So, day comes and we look at the charts: it was too quiet indeed, we’re getting behind! Out of our magical box we get our big spinnaker. Relaxed with a large empty space around us we can take our time to set it right :o) and there we are, running at 4,5 knots again!

The sun goes up for the second time and Bob is steering, never tired.
So the day goes by in the shade of the great spinnaker, when suddenly...

« I think I saw the line move…
_ You’re right, there’s something there! »

Laure gets the line out cautiously

« I don’t know what it is but it is not a mackerel...
_ Look at the fin, it must be a tuna fish !
_ Don’t know… it doesn’t look so big from here...
_ Here! Take the bucket!
_ Uhm… well, it doesn’t fit in the bucket...maybe not that small after all! »
In the end it’s a nice 3kgs tuna fish we get out, also known as a “’four meal” fresh tuna! After shortly checking in the books, Laure bravely starts slaughtering and skinning and slicing – like she’s done it all her life! Next days we won’t have to wonder about the menu: tune steaks, tuna marinated in lemon, Teriaki tuna (our favorite) and cold tuna in salad. Yummy! And a change to our mackerel – diet!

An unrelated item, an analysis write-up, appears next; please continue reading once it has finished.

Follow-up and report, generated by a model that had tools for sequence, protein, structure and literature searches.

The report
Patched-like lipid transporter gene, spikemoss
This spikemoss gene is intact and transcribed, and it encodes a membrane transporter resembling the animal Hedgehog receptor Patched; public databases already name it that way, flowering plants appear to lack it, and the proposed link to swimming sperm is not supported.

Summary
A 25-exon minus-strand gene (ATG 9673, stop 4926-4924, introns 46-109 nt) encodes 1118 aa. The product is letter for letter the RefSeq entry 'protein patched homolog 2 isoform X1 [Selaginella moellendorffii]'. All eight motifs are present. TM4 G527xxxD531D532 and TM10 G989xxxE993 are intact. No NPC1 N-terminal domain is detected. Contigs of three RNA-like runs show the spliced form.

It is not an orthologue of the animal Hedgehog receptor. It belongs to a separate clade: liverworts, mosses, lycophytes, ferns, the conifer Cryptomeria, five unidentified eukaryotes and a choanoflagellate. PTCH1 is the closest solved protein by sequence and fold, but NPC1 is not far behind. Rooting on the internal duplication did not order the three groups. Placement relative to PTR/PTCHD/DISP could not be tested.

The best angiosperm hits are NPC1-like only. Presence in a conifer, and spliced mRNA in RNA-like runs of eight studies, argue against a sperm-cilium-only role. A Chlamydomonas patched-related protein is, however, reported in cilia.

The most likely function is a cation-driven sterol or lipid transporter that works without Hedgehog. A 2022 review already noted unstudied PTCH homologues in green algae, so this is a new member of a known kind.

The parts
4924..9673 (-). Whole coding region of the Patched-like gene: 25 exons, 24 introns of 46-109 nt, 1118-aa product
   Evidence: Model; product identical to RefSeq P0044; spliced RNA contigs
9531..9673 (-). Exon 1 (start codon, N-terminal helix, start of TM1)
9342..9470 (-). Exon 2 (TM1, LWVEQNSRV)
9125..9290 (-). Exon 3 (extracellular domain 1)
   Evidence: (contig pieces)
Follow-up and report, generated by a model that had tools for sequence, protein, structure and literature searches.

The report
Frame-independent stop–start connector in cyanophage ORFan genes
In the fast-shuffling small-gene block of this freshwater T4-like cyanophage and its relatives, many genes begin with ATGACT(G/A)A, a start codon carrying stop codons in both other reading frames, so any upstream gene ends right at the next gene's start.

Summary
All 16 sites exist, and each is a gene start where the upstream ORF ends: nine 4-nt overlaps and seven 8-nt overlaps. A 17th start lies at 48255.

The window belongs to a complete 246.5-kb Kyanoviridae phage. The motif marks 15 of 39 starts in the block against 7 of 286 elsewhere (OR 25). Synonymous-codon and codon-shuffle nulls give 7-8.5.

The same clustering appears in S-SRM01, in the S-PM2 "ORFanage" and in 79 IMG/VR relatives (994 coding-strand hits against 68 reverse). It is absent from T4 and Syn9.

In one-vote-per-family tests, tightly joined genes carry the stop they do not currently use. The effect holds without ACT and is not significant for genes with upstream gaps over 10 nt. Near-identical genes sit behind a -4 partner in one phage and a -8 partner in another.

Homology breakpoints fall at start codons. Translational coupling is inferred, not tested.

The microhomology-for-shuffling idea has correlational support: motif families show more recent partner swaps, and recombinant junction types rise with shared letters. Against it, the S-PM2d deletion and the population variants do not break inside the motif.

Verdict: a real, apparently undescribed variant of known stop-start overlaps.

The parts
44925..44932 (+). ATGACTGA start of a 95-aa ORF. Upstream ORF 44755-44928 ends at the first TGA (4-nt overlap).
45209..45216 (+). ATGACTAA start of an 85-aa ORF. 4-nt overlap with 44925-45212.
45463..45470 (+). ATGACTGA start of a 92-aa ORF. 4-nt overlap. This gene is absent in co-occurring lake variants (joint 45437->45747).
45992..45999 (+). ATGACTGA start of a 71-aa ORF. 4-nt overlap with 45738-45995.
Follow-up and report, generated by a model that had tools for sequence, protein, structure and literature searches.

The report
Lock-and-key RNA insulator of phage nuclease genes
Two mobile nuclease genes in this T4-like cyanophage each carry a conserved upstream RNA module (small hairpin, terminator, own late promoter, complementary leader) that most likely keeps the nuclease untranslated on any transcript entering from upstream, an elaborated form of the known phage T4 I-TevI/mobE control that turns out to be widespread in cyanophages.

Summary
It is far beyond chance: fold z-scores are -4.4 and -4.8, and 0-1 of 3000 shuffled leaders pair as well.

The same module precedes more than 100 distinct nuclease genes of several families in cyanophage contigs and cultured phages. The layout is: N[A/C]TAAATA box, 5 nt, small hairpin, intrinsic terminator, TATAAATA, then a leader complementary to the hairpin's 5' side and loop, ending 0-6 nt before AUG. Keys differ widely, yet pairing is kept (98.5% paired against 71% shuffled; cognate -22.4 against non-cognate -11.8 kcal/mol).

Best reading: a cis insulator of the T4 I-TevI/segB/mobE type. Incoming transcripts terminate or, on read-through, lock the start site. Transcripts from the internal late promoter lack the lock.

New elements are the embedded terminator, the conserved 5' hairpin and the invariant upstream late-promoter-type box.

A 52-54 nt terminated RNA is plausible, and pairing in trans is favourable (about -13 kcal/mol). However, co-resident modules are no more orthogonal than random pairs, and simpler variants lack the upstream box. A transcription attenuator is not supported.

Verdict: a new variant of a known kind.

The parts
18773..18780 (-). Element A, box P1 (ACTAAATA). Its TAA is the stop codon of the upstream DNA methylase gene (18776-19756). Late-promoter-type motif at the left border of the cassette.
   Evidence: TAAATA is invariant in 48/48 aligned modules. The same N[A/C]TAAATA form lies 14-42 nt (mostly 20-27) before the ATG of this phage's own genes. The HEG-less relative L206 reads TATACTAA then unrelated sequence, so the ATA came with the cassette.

Our first catch in high seas !
Now reassured on our food, we are facing another problem: the wind has veered and is now coming right from behind us – which is not the most efficient nor comfortable state for a sailing boat actually. We try a few options to get some speed: with a spinnaker (perfect, but not sustainable as someone has to steer all the time); both sails in opposition (very unstable with those waves), the genoa held open with the spi-pole (our pole is too long)… So we are left with the “Dutch option”, very popular on the other side of the Scheldt: get the great sail down and keep on the genoa only. It works well, especially as the wind is picking up a bit. So weirdly-looking we are back at 5 knots on the direct route for the third night.

We are getting closer, time to hoist the Spanish flag !
The first thing we see from Spain is a vague light glowing in the distance: lights of La Corunna reflected in the clouds are visible from 50 miles off shore. Some hours later we see the Cabo Ortegal lighthouse. At daybreak we are along the coasts: they are high and rocky, like mountains falling into the water.
Another 20 miles along the coast under the sun and pushed by a great wind, and we enter the bay of La Corunna: we see the “torres Hercules” lighthouse, the oldest lighthouse in the world built by Romans, and the big white H-shaped control tower – all those sights seen a thousand times in guides when preparing the trip...